Date of Award

Fall 2000

Document Type

Dissertation

Degree Name

Doctor of Philosophy in Electrical Engineering - (Ph.D.)

Department

Electrical and Computer Engineering

First Advisor

Timothy Nam Chang

Second Advisor

Andrew Ulrich Meyer

Third Advisor

Bernard Friedland

Fourth Advisor

Marshall Chuan Yung Kuo

Fifth Advisor

Zhiming Ji

Sixth Advisor

Haim Baruh

Abstract

The study of the monolithic piezoelectric actuator, the dominant type of micropositioner is an attractive and challenging area, where realtime control theory and digital signal processing are effectively applied. The actuator can be applied in precision instruments and precision control, such as microscopes, medical and optics instruments because of the piezoelectric ceramic's high resolution, fast transient response, and potential low cost. However, hysteresis nonlinearity and lightly damped vibration exist in the system, which limit the actuator applications.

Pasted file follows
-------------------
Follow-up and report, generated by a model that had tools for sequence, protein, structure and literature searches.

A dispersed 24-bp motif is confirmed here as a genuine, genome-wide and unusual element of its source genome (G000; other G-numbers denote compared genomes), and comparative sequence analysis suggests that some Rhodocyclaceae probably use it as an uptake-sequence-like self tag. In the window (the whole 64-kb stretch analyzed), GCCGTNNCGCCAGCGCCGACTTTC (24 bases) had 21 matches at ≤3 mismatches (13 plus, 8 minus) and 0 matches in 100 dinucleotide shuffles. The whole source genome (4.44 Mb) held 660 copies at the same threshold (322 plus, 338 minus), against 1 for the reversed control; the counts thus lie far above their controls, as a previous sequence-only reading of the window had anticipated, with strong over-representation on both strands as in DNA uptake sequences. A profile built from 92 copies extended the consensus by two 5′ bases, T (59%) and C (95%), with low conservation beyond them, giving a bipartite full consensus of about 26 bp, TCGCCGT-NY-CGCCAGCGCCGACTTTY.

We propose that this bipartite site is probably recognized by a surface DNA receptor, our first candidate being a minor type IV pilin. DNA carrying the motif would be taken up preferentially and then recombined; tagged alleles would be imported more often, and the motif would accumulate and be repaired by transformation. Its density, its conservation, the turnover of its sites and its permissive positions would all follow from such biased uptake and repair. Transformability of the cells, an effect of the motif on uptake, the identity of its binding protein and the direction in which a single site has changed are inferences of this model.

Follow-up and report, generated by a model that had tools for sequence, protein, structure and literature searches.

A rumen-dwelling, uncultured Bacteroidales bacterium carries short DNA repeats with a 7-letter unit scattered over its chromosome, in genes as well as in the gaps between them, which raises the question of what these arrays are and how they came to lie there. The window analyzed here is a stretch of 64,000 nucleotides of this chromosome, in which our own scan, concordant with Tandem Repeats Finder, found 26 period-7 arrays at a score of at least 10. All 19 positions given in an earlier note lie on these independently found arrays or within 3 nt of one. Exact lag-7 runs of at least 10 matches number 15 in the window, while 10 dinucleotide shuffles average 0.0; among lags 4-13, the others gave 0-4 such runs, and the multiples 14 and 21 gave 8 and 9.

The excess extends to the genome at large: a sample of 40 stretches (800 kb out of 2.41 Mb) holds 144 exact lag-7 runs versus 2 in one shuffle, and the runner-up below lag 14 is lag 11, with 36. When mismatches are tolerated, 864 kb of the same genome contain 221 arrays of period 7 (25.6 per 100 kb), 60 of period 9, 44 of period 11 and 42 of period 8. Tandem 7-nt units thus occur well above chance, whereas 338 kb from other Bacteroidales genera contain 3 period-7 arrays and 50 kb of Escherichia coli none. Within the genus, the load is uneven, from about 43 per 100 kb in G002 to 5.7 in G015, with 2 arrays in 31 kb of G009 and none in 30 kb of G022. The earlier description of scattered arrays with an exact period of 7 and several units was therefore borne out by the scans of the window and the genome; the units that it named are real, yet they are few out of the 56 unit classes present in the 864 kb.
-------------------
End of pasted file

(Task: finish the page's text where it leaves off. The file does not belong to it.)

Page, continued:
This work focuses on the hysteresis characteristics in time and frequency domains along with experimental and simulated results to verify the effectiveness of the model in describing the hysteresis phenomena. The analytic expressions of the hysteresis harmonics are further applied in hysteresis parameter estimation.

A reduced order nonlinear hysteresis observer compensator is proposed, and the stability of the compensated system is discussed. The compensator reduces the hysteresis effect significantly under simulated and experimental conditions. Furthermore, an adaptive hysteresis observer compensator is further presented to compensate the slowly changed hysteresis parameters. Time division multi-control strategy is proposed to implement fast transient response, low vibration and high resolution.

Extensive numerical simulation and real-time experiment are carried out to verify the control strategies. GUI is developed to implement the communication between the code in DSP memory and Labview, which improves the efficiency in system test.

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